How is technological innovation dependent on raw materials? This question is center-stage in the exhibition Charging Myths by On-Trade-Off. This artists-collective traces the origins of lithium by starting from Manono, Democratic Republic of the Congo. The landscape of this former mining town is a relic of the colonial past. Today the town is getting ready to be a key player in the race towards green energy, following the nearby discovery of the world’s largest deposits of lithium ore.
Presenting lithium as the new gold, this exhibition explores its history and future, as well as the various myths surrounding electricity, energy and the exploitation of minerals. A great many minerals (lithium, cobalt, …) help to sustain our modern lifestyle, through their application in the latest smartphones, solar panels, electric cars and so on. At the same time, their exploitation relies on unfair labour conditions, which imply little attention for ethics, health or the environment. Often, the interrelated mining efforts give rise to violence, corruption and ethnic conflicts, causing inequality to grow. This process reveals a paradoxical trade-off: while we are inundated by ‘inexpensive’ and ‘sustainable’ technology, local communities struggle with a chronical lack of such basic needs as energy and electricity.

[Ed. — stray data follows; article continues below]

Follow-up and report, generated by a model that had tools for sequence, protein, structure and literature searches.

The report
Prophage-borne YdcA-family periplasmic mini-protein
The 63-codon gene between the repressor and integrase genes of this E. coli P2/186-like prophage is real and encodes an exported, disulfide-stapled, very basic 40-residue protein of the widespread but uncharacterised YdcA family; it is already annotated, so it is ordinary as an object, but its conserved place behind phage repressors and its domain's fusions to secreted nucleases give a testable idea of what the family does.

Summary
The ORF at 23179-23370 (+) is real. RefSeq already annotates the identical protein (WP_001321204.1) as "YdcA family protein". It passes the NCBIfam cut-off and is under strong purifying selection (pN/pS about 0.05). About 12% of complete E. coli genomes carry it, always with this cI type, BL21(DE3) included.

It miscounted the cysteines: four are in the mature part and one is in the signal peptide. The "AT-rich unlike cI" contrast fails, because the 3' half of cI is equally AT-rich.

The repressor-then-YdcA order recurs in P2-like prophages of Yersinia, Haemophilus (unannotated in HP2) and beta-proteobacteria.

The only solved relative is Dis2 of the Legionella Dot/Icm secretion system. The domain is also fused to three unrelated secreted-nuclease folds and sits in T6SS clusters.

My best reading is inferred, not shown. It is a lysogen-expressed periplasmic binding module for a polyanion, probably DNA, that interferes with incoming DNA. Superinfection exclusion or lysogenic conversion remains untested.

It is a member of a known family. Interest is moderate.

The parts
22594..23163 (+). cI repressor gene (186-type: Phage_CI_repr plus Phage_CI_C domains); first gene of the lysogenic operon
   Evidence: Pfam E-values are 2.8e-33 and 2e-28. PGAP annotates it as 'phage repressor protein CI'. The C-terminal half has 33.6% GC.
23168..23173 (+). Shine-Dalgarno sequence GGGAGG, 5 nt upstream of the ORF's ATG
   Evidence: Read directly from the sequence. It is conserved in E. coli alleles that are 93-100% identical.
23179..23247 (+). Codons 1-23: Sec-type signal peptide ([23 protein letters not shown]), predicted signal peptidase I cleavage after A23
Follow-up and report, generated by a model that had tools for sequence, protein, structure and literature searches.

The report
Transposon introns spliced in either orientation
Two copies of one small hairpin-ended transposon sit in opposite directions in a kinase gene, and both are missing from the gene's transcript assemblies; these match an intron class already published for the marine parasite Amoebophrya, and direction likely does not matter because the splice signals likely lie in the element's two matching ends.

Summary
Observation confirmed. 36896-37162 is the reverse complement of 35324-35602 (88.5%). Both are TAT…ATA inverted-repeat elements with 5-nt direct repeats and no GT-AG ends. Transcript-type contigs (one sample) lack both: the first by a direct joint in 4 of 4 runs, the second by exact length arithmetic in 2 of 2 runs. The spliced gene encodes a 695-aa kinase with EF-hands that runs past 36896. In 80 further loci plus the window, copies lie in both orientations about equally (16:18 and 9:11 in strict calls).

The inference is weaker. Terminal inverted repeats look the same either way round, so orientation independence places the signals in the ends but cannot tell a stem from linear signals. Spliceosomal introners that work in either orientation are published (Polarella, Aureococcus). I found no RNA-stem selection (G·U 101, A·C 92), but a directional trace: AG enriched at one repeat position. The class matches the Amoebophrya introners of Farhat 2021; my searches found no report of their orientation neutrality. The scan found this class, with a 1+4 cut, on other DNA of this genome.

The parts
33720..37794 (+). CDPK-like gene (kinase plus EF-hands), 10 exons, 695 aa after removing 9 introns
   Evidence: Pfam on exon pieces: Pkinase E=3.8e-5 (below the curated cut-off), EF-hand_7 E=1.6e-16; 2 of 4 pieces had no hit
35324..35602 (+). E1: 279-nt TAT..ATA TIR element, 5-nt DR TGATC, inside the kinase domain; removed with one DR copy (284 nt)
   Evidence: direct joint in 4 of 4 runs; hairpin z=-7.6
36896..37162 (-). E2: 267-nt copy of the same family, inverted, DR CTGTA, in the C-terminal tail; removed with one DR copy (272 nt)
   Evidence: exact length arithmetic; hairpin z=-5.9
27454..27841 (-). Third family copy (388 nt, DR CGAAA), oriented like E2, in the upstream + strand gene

On-Trade-Off maps production chains and unravels social, political and ecological aspects of the global economy. The exhibition presents new works that were developed during residencies and research in various locations, with Manono serving as shared point of departure. As a temporary collective, On-Trade-Off provides an artistic counterbalance to the logic of exploitation, by focussing on transnational exchange, knowledge sharing and fair practice.